Oct 6, 2016; Santa Clara, CA, USA; San Francisco 49ers head coach Chip Kelly on the sideline against the Arizona Cardinals during the fourth quarter at Levi
One might say that Chip Kelly made a tactical error by accepting the first head coaching offer that came his way. If he’s done his homework he might’ve seen what the San Francisco 49ers were becoming after years of poor management from Trent Baalke. Instead he was anxious to show what happened in Philadelphia wasn’t him and now is paying for it after going 2-14. His odds against ever getting another shot have grown remote.
Likely Fate: College
The rumors that Kelly would be returning to college have gone on since last year. He’s flatly denied that every single time but now that he’s lost an NFL head coaching job twice in two years, it seems inevitable. Unless he’s willing to try the coordinator circuit, which he said he’s open to, the only way Kelly remains a head coach is by returning to the collegiate ranks where he became a big name at Oregon. The odds are very good that a top program will give him the keys.
Nov 23, 2014; San Diego, CA, USA; San Diego Chargers head coach Mike McCoy reacts during the third quarter against the St. Louis Rams at Qualcomm Stadium. Mandatory Credit: Jake Roth-USA TODAY Sports
Things started off so well in San Diego for Mike McCoy. He led them to the playoffs his first season in 2013, even winning a playoff game in Cincinnati. The Charger went 9-7 the next year but have been undone by injuries since. McCoy has kept them competitive in almost every ball game but just can’t seem to close the deal late. With the team facing a possible move to a new city, it’s clear ownership wanted a fresh start at that position.
Likely Fate: Offensive coordinator
McCoy is still relatively young and respected even after being dismissed. Odds are he’ll get another head coaching opportunity in the future. In the meantime, he’s certain to be one of the hottest offensive coordinator candidates available. His history of success in Denver alone makes that a certainty. He’s good with quarterbacks but is also proficient at building a productive ground attack. Give him pieces to work with and he’ll get things done.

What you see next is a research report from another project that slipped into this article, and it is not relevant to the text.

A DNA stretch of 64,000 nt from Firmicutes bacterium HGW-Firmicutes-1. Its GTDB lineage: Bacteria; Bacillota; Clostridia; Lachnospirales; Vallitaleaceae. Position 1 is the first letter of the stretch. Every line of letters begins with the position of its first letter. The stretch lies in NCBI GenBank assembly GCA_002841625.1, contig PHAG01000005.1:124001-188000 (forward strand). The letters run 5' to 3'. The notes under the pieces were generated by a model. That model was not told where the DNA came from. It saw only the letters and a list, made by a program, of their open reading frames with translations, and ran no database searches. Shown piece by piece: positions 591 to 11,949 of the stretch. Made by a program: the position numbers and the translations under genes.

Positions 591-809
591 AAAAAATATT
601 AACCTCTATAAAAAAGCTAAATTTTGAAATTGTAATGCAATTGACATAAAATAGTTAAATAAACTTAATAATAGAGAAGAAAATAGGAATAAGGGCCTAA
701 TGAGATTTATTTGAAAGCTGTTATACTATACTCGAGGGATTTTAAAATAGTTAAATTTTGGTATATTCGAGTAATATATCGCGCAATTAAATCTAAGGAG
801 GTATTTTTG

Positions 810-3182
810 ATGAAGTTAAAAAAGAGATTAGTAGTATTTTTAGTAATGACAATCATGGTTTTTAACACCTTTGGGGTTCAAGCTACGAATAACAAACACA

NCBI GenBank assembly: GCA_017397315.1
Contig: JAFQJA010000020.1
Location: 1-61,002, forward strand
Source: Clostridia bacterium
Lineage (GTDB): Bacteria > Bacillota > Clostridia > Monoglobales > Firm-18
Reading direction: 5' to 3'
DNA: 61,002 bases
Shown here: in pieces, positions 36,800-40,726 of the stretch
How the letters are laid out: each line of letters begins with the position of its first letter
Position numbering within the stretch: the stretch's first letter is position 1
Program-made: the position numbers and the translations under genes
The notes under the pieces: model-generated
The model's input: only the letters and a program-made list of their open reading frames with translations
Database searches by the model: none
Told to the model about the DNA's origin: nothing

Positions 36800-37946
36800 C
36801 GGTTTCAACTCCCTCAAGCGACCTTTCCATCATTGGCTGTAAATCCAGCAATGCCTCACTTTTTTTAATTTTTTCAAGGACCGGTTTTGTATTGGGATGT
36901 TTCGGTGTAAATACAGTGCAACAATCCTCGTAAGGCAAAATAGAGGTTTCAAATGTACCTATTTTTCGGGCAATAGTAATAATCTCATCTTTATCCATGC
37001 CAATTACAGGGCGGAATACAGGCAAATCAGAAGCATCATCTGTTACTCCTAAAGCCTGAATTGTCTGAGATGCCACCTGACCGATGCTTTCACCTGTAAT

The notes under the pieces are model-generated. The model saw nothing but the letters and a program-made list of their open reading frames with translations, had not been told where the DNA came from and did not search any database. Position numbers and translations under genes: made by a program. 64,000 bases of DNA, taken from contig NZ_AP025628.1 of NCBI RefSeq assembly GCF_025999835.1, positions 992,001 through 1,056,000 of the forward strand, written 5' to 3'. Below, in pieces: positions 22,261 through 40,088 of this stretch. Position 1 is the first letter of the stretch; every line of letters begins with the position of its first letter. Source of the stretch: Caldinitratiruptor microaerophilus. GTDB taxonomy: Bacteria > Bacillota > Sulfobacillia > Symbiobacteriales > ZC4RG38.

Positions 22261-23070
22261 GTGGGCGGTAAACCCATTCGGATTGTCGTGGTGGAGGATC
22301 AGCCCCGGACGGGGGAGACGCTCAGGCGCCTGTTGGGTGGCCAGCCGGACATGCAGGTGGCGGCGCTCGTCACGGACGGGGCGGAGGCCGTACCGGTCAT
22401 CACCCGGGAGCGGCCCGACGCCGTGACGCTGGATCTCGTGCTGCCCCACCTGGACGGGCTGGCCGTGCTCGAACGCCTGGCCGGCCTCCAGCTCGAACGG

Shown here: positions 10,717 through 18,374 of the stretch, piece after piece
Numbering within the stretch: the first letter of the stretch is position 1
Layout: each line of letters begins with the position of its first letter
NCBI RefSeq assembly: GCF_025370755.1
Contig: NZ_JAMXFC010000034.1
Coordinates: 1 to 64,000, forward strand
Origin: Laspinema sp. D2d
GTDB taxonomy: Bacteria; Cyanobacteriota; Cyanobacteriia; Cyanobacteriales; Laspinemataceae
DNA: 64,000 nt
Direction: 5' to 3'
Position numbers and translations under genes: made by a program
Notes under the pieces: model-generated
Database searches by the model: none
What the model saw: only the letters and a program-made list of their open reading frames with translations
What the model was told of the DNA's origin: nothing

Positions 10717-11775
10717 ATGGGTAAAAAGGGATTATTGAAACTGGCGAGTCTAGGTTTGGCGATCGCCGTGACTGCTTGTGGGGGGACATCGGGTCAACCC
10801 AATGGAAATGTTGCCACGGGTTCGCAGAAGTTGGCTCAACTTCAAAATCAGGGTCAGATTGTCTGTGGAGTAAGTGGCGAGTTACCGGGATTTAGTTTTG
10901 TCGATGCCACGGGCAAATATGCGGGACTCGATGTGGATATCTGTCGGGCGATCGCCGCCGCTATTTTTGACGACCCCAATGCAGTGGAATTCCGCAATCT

Dec 4, 2016; Jacksonville, FL, USA; Jacksonville Jaguars head coach Gus Bradley reacts after a play in the second quarter against the Denver Broncos at EverBank Field. Mandatory Credit: Logan Bowles-USA TODAY Sports
He’s just never going to get consideration from another NFL. Gus Bradley won just 14 games since 2013 as head coach of the Jacksonville Jaguars. That is not something the league is liable to forget. At the same time he’s still respected for some of the things he can bring a football team: energy, passion and defensive know-how. Once the word quiets down he’s going to get a job opportunity from somewhere.
Likely Fate: Defensive coordinator
This is actually a tossup. Why? Gus Bradley is viewed by many as the ideal college-style coach. A tremendous motivator who understands how to speak to young men. His time in Jacksonville was unfortunate but he could do far better in the NCAA. Still, Bradley also has history as a defensive coordinator. He helped construct and mold the Legion of Boom in Seattle from scratch. His aggressiveness and eye for talent will prove valuable.